My head floated in feverish clouds, while my body slumped heavy in the chair of a waiting room, the signs all in Thai. I was cold, too cold for Thailand, even on a rainy day. I watched the rainfall through the open doorway until I caught a young girl staring at me, peeking around a wall just beyond the door. Even as my eyes caught hers, she looked at me relentlessly, and I felt self-conscious. I felt so ill, and I’m sure I looked it. Hadn’t anyone taught her not to stare at people? I told myself to stop being sensitive; I always revert back to a child when I’m sick. I yearn for my mother; I crave grandma’s soup; I want to cuddle my Mickey Mouse doll, which I left back home for safekeeping. I want to be hugged.
I pleaded something to this effect with my eyes, and the girl looked away. I turned my attention back to the rain and wondered how long it would before they called me. I wondered how many people in this waiting room were here to see the doctor, and how many were here to see the dentist, and why they both shared this tiny clinic. I wondered why there were so many people in the waiting room when I arrived, just before five, when I was told the clinic wouldn’t open until five. I wondered if the doctor would speak English, and if not, if he would understand the Thai that I had been quietly rehearsing in my head since I left my apartment: Fever, kai. Three days, saam wan. Sore throat, jep kaw. Headache, buat hua. Very bad, mak mak!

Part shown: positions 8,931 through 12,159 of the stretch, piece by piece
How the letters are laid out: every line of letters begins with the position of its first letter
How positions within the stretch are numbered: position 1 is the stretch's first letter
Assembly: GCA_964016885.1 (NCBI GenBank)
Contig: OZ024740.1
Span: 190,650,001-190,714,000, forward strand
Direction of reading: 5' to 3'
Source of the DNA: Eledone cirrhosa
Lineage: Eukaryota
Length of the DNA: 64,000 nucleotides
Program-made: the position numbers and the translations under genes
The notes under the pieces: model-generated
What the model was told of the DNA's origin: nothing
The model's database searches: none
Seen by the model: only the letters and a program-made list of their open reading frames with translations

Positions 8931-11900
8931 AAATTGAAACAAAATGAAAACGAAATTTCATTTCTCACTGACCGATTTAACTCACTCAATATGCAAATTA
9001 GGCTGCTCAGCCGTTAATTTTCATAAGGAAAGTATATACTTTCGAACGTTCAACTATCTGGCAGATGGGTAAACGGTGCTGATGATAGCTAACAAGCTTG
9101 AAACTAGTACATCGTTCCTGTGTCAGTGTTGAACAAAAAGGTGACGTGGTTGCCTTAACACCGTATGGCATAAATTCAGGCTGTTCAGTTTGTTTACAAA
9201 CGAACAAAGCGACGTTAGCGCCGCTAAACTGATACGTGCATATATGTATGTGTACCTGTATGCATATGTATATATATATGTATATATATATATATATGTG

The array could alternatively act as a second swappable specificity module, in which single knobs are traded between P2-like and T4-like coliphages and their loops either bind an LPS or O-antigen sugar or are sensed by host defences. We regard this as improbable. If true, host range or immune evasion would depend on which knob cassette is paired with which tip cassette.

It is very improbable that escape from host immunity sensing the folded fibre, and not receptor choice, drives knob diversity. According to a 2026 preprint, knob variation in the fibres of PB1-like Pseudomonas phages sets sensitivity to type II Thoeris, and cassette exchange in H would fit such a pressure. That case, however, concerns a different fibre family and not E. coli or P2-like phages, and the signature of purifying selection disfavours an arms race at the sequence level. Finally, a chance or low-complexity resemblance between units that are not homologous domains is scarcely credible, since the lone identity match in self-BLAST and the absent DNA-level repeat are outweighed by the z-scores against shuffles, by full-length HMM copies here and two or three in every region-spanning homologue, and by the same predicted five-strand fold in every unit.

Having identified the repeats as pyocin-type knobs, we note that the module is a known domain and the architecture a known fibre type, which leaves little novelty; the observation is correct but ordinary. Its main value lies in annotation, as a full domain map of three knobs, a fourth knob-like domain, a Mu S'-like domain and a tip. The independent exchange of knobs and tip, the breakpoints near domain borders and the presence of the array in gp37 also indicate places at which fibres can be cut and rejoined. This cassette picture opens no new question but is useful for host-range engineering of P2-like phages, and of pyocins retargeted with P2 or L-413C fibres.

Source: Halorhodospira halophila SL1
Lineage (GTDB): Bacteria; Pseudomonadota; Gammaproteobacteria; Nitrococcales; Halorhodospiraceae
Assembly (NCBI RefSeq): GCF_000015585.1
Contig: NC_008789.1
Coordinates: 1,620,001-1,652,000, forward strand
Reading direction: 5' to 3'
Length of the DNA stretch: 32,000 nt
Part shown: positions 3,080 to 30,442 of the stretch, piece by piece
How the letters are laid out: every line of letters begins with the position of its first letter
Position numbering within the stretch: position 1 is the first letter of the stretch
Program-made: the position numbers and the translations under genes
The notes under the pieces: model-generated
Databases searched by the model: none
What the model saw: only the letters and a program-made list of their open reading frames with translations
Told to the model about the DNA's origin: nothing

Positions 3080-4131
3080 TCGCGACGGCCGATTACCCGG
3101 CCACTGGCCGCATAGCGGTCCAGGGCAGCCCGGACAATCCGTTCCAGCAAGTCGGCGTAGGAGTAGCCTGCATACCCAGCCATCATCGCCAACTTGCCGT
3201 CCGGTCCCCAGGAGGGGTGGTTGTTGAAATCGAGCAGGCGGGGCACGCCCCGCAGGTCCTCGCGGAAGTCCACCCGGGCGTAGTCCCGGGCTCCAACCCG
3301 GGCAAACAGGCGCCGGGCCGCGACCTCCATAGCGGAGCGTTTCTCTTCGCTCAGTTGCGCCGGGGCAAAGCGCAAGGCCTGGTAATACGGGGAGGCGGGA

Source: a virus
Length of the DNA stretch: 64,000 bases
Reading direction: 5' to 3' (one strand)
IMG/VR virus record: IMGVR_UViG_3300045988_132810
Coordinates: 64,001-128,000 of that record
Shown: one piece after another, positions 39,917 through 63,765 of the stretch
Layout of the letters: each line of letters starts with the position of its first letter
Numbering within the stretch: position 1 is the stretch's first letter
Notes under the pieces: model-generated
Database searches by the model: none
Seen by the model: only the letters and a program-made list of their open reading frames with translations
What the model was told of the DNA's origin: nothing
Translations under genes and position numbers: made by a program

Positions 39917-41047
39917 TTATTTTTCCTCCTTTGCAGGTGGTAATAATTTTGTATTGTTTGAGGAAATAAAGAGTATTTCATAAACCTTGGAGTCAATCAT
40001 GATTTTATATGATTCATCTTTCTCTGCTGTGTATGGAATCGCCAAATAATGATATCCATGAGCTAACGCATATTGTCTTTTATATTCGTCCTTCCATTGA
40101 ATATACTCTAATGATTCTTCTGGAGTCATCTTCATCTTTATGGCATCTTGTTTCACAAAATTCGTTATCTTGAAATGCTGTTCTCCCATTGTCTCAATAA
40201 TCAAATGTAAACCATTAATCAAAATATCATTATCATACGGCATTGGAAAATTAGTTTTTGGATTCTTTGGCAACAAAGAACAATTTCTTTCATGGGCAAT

I wondered if the little paper card with the words I can’t read is really my insurance card, if these numbers are dates, and whether or not they’ve passed. I wondered why the receptionist, when she got up to let the little girl (I wondered if it was her daughter) into the bathroom, took off the pair of slippers she was wearing and put on another pair of slippers, and then switched them again when she came back. I wondered why the little girl, who looked at me with every pass, was unable to get into the bathroom on her own. I wondered how the cluster of motorbikes parked right outside the doorway on the sidewalk had gotten up there - the curb was high, and I couldn’t see a ramp or rock or brick in sight. I wondered how they’d get down. I wondered why the woman who had recently walked in and sat down got up and walked out just minutes later, without a word to anyone. She never did come back.
It has been a rough patch of living as of late, Mercury is about to complete her (damned) retrograde, which has left in its path tiny piles of destruction. I awoke this morning feeling that - while everything on the surface was fine - the world was somehow askew. I fumbled with my notebook, unable to find words. My cup of morning tea remained untouched, and my body refused to contort itself to any shape vaguely resembling a downward-facing dog. A bust, it was heading to be a bust of a morning - which, of course, runs the risk of evolving into a bust of a day. And that is not what I am after. I decided, hesitantly, that what I needed was a change in perspective. To shift not what I was looking at but rather the direction from which I was seeing it.
Chicago-born citizen of the globe, rich in the things that really matter. Let's get weird.